Image and Video Optimization

Why you should optimize your images

In simple terms, optimizing images means balancing image quality with file size: in other words, saving images to as small file size as possible, while still displaying your beautiful images you’ve worked hard to create. This is important for keeping your site’s page load times fast for people on any device with any speed of internet connection. The bottom line: if your site loads slowly, people will leave, so optimizing images can really make a difference to keeping your visitors on your site while providing them with a great brand experience.

An overview of image optimization

These are the general steps for optimizing images:

Finding Image Dimensions

The first step is to find the dimensions of the image you’re creating, length and width: for instance, 1200px x 600px. If this is a new image, your web designer or developer can help you find the right dimensions. If you’re replacing an image and don’t know the dimensions, there are a few ways to find them.

Browser Extension

A simple browser extension can look into your site’s HTML for you and pull up image dimensions. If your site displays a different image on mobile devices, you can use the Google Chrome browser’s inspect tool to display the mobile experience and get the dimensions there.

Understanding File Types

Next, find the right file type for your specific use. We often see sites using a format that’s unnecessarily large or just not the best choice for the placement, such as a PNG in place of a JPG. Here’s how to know what’s best for your use:

Still images

JPG – a compressed image format with no transparency. When in doubt, make a JPG!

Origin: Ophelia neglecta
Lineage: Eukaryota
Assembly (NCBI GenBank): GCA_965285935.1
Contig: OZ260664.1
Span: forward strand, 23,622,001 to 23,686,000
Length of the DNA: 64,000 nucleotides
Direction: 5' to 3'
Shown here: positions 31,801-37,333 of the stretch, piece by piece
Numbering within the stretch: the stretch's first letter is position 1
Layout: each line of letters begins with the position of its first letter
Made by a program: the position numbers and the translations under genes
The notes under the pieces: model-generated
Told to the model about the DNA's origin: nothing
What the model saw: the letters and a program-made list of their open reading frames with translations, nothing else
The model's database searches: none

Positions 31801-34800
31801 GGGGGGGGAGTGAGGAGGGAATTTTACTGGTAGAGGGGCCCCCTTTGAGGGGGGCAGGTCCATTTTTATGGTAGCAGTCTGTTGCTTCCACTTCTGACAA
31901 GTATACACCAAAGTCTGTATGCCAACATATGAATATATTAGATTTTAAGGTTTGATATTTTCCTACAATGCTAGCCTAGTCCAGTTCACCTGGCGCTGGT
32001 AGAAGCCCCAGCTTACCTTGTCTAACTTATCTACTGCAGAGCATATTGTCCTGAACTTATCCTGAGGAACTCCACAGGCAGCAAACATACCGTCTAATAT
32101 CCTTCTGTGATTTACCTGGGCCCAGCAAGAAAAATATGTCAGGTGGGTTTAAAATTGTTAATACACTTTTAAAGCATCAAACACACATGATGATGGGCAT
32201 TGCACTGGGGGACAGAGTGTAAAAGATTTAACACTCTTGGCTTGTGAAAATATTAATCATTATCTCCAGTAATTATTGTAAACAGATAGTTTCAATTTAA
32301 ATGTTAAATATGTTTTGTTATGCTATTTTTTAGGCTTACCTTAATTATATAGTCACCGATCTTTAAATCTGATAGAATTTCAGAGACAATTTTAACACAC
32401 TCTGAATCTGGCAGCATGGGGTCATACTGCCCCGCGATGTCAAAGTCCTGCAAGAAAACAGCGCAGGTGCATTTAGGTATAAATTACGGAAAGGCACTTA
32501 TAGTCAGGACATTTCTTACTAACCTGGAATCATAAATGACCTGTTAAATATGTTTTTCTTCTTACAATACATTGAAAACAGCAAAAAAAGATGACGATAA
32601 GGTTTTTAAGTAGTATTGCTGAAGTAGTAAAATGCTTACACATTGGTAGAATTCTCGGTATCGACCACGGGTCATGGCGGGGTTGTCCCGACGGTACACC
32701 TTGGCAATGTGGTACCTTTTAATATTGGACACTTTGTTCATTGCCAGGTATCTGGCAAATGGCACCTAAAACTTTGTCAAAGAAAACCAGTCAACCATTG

PNG – a non-compressed image format with transparency. Only use this when your image needs a transparent background.

Animation/Video

GIF – a compressed image format with transparency. Generally used for small things like icons and animation (animated GIFs*).
MP4 – a widely used video format. Although it’s a compressed format, it often creates huge file sizes. This site is great for compressing video while retaining quality: https://www.videosmaller.com/

*Note on animated GIFs: this file format is often not needed on websites, because embedded MP4s are now widely supported and are replacing it. Embedded mp4s can give much higher quality with much smaller file size than GIFs. Ask your developer for more info!

Illustrations/Graphics

SVG – scalable vector graphic. Used for logos, illustrations, and anything else made with vector graphics. In general, SVGs are preferable because they scale, which makes them naturally responsive for all screen sizes so that they always look crisp.
PNG – often used for things like logos and graphics, too, since they’re often transparent – this is just a different way to put them online. Since PNGs are not scalable, they may not look as crisp as SVGs.
GIF – sometimes used for very small graphics, like favicons (the tiny icon in your browser tab), where limiting the number of colors saved in the graphic can help reduce file sizes while still looking great.